Crossing the Bridge…Or Not

“Behind each face there is a unique world that no one can see. This is the mystery of individuality. The shape of each soul is different. No one else feels your life the way you do. No one else sees or hears the world as you do…Such care and attention went into the creation of each person.”

“To refuse to begin can be an act of great self-neglect.”   -John O’Donohue , To Bless the Space Between Us

How many times do we get to make a choice about the direction our life will take? Surely more times than we can count! I’m thinking that it can begin as young as 18 months when we declare our first emphatic, “No!!” In an ideal world, it ends when our last breath is exhaled.

There are times when the choices get made by others. Every grade that we get in school moves us forward or keeps us stuck in place. Any move by our parents to another place means that we move, too. But as time goes by, we gain more and more freedom to choose our future life ourselves if we only pay attention and have the courage to go there.

It always means crossing bridges from one place to another.

It always means making the choice of whether to be brave or afraid.

My husband, Dwight, was an outdoorsman, growing up in a family full of hunters who made provision for the winter. I saw him once confront a grown bear who had wandered up a hill from the creek and into our yard. As I screamed at him to get into the house, he kept shooing it away. This was either a courageous moment or a crazy dumb one! When the bear stood on its hind legs, appearing even more gigantic, Dwight stood his ground. In time, Bear stood down, circled the old outhouse, shook its head from side to side and slowly exited down the hill with a look of disdain. Courageous won out. Dwight beamed.

However, Dwight was terrified of one thing: bridges. White knuckle terrified. The 6.51-mile-long Sunshine Skyway Bridge that we had to cross to visit my dad in St. Petersburg, Florida each year (430 feet tall at its highest) was a time of silence and a pervading panic. But he never let me drive it. He’d stared down a bear, after all.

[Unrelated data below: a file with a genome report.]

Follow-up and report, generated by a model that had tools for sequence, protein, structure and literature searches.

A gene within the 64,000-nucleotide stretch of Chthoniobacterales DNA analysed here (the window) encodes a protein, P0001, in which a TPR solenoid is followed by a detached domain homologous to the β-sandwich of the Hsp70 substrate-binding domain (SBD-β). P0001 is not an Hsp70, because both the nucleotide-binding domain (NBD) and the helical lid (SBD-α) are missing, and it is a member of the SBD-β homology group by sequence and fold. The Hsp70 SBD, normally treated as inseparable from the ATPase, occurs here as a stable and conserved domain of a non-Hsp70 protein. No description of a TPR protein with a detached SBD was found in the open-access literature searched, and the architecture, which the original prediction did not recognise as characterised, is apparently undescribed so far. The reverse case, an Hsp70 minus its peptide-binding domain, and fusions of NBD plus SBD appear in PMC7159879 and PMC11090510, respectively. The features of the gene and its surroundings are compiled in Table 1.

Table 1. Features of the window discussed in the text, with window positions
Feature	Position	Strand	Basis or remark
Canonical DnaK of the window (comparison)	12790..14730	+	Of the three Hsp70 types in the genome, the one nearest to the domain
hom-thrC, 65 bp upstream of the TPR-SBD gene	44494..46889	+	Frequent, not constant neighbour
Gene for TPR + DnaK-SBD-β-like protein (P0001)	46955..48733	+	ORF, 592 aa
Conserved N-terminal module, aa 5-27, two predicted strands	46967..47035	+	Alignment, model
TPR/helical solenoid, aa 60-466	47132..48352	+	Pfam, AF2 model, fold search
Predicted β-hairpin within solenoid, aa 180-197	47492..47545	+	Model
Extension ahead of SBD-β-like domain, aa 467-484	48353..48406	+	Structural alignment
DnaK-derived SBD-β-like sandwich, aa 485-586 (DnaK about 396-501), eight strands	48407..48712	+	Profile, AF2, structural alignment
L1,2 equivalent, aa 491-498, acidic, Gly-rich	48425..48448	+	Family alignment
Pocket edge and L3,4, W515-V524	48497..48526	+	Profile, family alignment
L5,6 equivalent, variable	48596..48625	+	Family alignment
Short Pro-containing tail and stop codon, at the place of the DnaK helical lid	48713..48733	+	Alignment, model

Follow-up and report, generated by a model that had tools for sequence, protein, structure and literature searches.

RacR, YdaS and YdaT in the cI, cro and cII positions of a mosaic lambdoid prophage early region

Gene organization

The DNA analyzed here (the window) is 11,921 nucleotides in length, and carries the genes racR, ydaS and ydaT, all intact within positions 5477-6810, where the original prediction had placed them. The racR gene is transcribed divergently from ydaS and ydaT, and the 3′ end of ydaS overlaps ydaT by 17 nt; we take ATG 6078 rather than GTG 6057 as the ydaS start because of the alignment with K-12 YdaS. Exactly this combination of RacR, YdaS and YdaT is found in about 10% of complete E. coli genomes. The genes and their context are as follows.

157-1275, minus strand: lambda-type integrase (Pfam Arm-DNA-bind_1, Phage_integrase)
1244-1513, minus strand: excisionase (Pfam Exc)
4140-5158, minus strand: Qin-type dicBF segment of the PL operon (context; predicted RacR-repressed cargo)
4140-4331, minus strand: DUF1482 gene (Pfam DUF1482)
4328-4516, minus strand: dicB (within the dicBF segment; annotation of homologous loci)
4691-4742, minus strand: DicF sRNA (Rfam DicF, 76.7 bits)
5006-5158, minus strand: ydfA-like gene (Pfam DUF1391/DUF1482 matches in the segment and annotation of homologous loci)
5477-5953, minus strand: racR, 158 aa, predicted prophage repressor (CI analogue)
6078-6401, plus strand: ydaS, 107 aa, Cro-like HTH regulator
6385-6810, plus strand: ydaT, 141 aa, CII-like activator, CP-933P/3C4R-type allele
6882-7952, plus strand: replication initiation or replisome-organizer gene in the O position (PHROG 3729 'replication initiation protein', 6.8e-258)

The Sunshine Skyway Bridge

Then in 2010, we approached the Pont de Normandie bridge in northern France, which reaches a height of 705 feet at its highest point (think half as tall as the Empire State Building!). I don’t know if Dwight even breathed all the way across. He had no choice…I couldn’t drive a stick shift! There has never been a longer 1-1/3 miles.

The Pont de Normandie Bridge

We all have our bridges to cross. Some of them we can refuse. Some of them we can choose. Some of them will be life-giving. Some of them will be foolhardy. Some will terrify us. All of them will teach us important lessons. Some will teach us how to breathe again. All will be life changing.

Meeting up with the bridges that will take us to another place is a given, over and over again. We can have a bravado that cheers each new big, beautiful one and take off to find the next destination. Or we can stand there in abject terror and decide to slam on the brakes and turn back to what we know, to what is familiar. We are the only one who can decide.

“You’ll never get what you truly deserve if you remain attached to what you’re supposed to let go of.” Paul Boynton, Begin With Yes

Once we reach our 50’s, the bridges start to look different. We look back on where we’ve been and begin to realize that the time ahead is no longer guaranteed. Not that it ever really was, but now we can be pretty sure that most of us have lived more than half our lives. And we can begin to forget how to breathe. We can now pursue the bridges that will make life less terrifying and more fascinating – while there is still time and energy and hope for a good old age. Or we can avoid them.

It’s turning into white knuckle time, and no one else is going to take the wheel and get us across the ones we might need to, have to, or want to cross. More than ever, we need to rely on what our Spirit has taught us up to now. And whether we’ve been paying attention along the way.

Once we reach the 70’s and 80’s, things change again. Now the time definitely grows short. Maybe very short. Physical and mental challenges now begin to arrive big time. We discover just how much we have learned about being brave. And we feel and hear and see the world through glasses and hearing aids, canes and walkers – yet even now, the wonder that was youth shows up now and then, too.

We’re still working on that breathing thing, but it’s gotten easier because we know now that we’ve always made it over the bridges that we chose to take. And that’s when the past becomes grace. When the lessons that the bridges have taught us come to surround us now with their tender companionship.

We know. We know there are bridges we must cross.

It becomes time to make peace with all that.

We breathe now with the assurance that life will send us the ones we need.

And lead us across.

And I’m okay with that.


(Photo credit: Klara Vovy, watercolor artist)